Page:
Mowing is such a common chore, we often approach it casually. But careless mower operation can lead to devastating injuries.
“As a physician, I treat the results of many lawn-mower accidents,” says Dr. Steven Lawrence, an orthopedic foot and ankle surgeon at University of Kentucky. “The wounds we see in our clinic range from simple cuts and burns, to traumatic amputations and life-threatening injuries.”
More than 10 million mowers are in operation in the U.S., and more than 200,000 mowing-related injuries occur annually, according to the American Academy of Orthopaedic Surgeons via a U.S. Consumer Product Safety Commission report. The foot and ankle are the body parts most vulnerable to mower injury.
“Unfortunately, patients often have devastating, lifelong physical and emotional consequences as a result of these common injuries,” Lawrence says.
“And all too often, the victims we see are children. As doctors, we know how to treat complex foot and ankle injuries—but we would rather see people avoid lawn-mower accidents in the first place.”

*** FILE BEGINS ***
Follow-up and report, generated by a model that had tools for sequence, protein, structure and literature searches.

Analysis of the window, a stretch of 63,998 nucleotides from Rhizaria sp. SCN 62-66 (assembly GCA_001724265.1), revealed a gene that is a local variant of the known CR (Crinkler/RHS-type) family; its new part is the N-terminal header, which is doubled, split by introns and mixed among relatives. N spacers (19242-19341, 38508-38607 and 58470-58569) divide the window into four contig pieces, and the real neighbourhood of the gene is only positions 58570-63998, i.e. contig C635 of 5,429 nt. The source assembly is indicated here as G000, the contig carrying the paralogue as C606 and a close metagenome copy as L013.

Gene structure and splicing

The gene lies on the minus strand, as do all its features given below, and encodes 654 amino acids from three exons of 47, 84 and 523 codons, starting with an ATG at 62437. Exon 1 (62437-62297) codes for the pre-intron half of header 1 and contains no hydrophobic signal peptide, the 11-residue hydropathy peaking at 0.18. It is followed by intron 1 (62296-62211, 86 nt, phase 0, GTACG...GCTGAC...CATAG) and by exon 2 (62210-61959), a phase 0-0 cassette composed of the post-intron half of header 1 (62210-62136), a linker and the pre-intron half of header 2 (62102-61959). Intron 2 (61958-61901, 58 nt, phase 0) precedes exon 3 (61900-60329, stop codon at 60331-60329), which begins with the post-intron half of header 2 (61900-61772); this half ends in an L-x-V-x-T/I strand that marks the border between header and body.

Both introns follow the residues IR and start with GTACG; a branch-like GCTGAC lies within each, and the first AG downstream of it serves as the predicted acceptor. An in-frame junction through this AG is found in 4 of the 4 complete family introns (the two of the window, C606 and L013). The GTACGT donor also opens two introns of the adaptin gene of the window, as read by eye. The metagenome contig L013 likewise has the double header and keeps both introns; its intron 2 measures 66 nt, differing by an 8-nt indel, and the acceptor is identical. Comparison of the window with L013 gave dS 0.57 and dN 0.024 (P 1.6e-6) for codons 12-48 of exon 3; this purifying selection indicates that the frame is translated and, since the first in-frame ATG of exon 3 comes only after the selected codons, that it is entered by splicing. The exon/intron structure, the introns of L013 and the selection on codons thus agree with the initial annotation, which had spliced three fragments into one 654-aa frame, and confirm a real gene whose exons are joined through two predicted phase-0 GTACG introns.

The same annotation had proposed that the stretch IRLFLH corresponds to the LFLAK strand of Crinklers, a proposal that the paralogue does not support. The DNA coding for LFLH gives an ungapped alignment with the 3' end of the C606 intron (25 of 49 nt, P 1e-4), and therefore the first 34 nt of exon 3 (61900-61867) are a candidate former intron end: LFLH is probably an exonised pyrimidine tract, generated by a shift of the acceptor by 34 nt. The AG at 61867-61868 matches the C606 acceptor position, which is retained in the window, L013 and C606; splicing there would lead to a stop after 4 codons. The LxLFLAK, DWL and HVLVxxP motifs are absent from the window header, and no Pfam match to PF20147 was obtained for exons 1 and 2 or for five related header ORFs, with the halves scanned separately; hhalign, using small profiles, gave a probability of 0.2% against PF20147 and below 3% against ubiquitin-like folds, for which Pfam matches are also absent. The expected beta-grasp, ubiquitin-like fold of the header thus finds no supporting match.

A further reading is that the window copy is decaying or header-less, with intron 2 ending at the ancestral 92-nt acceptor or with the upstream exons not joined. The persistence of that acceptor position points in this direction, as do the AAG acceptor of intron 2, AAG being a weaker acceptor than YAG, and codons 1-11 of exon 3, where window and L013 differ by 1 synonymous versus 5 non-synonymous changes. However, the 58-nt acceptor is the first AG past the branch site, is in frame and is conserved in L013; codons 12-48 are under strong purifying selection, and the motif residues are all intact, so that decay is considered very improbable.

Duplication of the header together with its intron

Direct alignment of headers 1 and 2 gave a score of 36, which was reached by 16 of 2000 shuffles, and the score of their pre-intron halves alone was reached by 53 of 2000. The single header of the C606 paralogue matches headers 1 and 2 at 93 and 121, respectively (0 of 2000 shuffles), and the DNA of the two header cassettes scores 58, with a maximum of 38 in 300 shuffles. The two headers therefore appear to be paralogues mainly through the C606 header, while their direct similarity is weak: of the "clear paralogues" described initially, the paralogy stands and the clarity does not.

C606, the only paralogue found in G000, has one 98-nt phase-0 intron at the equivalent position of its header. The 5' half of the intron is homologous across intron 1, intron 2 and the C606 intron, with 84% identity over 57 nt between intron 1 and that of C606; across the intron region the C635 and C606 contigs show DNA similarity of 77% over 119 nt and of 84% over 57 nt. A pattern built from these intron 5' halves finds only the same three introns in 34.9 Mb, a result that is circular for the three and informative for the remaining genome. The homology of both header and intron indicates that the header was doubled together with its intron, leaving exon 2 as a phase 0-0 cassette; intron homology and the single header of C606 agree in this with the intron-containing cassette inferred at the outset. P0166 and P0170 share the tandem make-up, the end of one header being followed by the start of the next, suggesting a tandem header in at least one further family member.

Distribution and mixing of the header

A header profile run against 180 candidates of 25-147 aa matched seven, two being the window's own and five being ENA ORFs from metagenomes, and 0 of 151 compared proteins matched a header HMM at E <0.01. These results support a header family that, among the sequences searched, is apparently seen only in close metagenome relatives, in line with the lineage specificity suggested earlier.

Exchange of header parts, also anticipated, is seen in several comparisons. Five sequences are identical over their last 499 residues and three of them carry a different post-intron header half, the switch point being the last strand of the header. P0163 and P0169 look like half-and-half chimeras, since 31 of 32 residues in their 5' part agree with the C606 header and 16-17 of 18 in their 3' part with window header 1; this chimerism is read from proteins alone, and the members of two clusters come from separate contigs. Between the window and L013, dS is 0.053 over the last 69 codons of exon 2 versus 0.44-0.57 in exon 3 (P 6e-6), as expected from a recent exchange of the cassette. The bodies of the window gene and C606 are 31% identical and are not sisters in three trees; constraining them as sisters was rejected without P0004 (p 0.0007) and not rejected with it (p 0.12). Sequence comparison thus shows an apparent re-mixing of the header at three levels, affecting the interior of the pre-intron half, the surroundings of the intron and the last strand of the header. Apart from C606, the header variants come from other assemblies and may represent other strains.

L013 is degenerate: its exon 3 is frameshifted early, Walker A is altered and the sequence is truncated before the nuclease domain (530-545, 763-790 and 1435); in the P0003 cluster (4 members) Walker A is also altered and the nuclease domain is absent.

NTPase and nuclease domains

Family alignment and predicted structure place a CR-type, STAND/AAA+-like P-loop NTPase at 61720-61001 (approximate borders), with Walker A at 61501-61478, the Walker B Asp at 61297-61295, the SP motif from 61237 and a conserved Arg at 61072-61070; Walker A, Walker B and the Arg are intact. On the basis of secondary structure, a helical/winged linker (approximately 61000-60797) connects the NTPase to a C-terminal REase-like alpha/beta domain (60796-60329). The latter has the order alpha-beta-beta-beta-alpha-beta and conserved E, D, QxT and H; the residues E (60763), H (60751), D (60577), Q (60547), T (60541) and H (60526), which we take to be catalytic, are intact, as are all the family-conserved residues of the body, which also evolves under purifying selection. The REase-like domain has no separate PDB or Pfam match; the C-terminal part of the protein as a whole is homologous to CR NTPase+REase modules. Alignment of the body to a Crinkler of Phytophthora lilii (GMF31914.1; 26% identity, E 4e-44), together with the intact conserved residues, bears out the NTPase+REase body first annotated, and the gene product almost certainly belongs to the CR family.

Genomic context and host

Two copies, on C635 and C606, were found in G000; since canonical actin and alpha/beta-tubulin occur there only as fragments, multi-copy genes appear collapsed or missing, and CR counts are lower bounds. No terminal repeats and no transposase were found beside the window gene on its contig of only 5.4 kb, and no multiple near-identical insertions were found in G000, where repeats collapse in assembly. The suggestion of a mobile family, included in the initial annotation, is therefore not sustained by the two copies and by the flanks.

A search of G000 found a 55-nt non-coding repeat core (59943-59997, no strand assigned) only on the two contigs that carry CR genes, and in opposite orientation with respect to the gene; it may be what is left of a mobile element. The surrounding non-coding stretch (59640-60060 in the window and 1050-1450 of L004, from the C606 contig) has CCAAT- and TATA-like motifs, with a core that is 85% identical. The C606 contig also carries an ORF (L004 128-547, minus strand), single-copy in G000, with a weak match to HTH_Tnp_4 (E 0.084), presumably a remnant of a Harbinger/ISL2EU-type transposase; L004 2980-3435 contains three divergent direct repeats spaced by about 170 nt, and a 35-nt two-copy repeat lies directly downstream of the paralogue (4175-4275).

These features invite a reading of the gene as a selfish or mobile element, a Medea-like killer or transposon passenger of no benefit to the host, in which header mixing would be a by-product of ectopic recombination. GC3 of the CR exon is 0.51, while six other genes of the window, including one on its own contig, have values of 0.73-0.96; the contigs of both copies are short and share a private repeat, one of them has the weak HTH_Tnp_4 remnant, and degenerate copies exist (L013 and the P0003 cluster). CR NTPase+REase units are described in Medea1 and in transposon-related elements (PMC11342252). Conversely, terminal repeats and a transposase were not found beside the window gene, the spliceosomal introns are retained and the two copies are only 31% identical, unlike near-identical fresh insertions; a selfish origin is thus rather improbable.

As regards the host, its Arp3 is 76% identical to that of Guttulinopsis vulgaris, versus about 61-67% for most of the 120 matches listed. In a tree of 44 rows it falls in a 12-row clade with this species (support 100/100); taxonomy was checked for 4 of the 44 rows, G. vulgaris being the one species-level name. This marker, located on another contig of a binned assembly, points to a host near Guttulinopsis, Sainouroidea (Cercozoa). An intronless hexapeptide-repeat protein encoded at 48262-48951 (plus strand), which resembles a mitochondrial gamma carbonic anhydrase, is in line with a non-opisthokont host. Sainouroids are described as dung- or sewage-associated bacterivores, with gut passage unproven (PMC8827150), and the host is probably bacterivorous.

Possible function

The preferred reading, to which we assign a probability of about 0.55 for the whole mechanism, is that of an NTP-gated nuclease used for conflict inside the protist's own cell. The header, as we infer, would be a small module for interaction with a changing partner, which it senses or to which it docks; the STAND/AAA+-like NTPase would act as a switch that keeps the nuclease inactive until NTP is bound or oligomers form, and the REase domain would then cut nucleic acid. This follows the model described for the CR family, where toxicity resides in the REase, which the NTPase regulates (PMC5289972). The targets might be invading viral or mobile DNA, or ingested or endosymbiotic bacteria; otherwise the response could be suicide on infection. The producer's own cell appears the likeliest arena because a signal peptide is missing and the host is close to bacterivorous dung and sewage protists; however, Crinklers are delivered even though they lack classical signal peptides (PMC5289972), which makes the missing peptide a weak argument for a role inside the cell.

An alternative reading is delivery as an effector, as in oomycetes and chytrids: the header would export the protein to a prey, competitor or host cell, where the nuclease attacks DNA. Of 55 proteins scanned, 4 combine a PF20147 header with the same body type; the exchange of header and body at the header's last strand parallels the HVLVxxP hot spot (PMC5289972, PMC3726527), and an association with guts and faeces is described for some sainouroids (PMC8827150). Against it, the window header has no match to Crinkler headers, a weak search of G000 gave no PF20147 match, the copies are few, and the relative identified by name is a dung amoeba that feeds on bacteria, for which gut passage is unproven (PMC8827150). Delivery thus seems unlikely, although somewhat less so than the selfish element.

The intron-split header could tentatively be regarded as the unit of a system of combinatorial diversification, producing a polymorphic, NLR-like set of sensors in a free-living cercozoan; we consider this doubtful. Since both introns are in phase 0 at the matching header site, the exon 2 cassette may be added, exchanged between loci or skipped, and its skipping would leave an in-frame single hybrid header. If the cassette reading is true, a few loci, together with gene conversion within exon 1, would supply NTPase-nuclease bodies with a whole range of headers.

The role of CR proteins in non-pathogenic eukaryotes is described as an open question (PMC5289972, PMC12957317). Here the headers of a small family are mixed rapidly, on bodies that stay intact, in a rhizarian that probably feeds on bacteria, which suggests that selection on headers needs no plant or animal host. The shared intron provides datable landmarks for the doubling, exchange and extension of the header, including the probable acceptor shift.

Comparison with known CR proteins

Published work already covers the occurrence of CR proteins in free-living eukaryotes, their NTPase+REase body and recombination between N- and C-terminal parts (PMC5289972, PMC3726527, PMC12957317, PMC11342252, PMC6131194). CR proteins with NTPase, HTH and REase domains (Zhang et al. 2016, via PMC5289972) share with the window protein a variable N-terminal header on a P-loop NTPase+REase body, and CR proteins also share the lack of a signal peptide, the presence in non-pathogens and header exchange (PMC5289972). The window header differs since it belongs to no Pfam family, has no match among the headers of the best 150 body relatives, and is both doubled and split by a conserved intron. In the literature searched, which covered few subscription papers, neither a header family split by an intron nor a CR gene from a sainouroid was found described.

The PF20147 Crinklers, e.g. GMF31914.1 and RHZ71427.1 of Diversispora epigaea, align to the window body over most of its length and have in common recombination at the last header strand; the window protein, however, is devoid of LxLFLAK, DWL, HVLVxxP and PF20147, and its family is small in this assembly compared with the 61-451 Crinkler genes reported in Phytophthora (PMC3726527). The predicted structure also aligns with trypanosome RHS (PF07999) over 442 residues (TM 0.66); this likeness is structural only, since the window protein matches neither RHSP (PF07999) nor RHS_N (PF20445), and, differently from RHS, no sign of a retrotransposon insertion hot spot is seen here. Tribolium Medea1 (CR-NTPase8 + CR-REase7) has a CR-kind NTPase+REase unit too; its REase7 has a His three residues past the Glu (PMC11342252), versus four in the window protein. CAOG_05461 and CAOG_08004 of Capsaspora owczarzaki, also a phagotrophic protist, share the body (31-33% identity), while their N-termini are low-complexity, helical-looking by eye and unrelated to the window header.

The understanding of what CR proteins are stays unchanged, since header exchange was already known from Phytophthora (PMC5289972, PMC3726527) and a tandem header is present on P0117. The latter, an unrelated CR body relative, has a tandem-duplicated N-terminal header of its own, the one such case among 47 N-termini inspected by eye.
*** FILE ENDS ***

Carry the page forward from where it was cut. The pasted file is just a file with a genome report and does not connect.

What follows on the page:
Some safety tips from the American Academy of Orthopaedic Surgeons:
• Children younger than 12 should not operate push mowers, and no one younger than 16 should operate a riding mower.
• Never let a second person ride or jump on a mower while it is running.
• Ensure that your push-mower blade stops turning when the control handle is released. Riding mowers should stop when the rider leaves the seat.
• Always wear sturdy, closed-toe shoes.
• Wear long pants to protect legs.
• Before mowing, scan the lawn to remove toys, hoses, tools, and large rocks—they could become projectiles.
• Keep children out of the mowing area.
• Don’t mow wet grass. You could slip, finding your feet in the path of the blades.
• Use extra caution on banks and slopes.
• Try to avoid pulling a mower backward.
• Use eyewear and ear protection.
• To prevent burns, never refuel a mower when the engine is hot.